The Founder of the Society of Jesus, St. IGNATIUS LOYOLA, born in 1491, was the last child of a large Basque family in Spain. The name LOYOLA came from the ancestral castle that was the family heritage. Ignatius was trained to arms and to the etiquette of court life. He enlisted himself in the border wars with France and was badly wounded in a battle. As he lay convalescing at Loyola, he read the Gospel narratives and the lives of saints and was inspired to follow Christ by giving up all worldly ambitions and trappings of power and embracing a life of poverty, sacrifice and service after the example of his saintly mentors.
He began this new life at the age of 31. He spent a year of severe penance and intense prayer in a solitary cave on the banks of the river Cardoner near the town of Manresa.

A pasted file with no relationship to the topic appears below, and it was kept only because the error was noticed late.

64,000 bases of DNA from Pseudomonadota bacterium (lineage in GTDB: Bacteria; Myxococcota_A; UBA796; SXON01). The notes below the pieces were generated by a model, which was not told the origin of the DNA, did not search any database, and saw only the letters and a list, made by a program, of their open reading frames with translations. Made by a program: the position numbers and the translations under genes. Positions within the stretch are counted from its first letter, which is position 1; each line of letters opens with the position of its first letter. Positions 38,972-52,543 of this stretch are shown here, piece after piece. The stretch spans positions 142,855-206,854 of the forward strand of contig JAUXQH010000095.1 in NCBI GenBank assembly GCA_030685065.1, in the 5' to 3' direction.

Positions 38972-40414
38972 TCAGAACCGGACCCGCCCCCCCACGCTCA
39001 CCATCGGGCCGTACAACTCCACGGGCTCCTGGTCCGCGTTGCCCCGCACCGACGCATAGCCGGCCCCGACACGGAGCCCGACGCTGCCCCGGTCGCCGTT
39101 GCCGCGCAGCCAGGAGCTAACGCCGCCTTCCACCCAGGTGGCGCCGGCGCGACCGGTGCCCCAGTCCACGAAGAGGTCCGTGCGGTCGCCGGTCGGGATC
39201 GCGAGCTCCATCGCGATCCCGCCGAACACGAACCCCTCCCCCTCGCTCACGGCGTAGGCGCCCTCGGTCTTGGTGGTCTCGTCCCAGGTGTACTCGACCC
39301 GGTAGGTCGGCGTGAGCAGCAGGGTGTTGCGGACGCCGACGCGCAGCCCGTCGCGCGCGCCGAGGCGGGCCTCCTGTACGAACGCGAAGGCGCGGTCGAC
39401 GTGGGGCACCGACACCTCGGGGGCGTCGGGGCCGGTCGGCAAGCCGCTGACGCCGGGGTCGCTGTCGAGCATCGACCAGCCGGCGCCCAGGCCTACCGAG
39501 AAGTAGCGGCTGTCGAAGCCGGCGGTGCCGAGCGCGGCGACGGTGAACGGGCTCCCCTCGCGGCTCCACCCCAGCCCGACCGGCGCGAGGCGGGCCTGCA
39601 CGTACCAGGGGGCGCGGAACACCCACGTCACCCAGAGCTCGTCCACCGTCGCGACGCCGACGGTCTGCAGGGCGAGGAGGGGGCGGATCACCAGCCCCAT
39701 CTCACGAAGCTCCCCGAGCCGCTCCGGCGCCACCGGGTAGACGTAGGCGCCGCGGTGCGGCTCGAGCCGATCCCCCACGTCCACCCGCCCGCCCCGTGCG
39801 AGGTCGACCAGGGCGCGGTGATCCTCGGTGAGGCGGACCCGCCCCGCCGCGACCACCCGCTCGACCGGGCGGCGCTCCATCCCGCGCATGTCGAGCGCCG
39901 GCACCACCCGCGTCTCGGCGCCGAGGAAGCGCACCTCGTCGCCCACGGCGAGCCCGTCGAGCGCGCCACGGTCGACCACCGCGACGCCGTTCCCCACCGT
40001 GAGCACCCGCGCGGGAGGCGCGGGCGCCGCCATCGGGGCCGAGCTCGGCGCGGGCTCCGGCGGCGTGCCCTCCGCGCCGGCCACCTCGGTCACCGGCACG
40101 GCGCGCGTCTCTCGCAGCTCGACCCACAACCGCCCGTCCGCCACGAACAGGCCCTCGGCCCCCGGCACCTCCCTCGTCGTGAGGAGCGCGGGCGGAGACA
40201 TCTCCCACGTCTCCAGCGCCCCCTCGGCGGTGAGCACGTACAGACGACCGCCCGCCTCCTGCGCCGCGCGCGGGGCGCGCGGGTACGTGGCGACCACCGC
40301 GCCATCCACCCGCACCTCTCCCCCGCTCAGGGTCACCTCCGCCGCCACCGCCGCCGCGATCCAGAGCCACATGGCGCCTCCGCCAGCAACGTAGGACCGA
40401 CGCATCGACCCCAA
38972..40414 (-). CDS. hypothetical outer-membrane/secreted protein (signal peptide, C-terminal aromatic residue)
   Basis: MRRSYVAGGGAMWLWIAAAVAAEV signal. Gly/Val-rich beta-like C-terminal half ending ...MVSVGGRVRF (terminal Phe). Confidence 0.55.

He recorded his experiences in the book of the Spiritual Exercises, which became the soul and centre, the rule and character of every Jesuit who came after him. Reflecting on the crisis in the Church of his time, he felt that the need of the hour was for learned and holy priests, free of greed and ambition and ready to serve the poor and to give witness to the love of Christ for men. To achieve this objective, he set himself in right earnest to study from grammar school to college and University in the various Spanish centres of learning and finally took his Master’s Degree from the Sorborne University, Paris.
After completion of his studies in Philosophy and Theology he was ordained a priest in 1537. He won over a group of brilliant and like-minded University men (one of whom was St. Francis Xavier), moulded them by the Spiritual Exercises and welded them into a religious fraternity which became the Society of Jesus or Jesuits in 1540 as they popularly came to be known in course of time.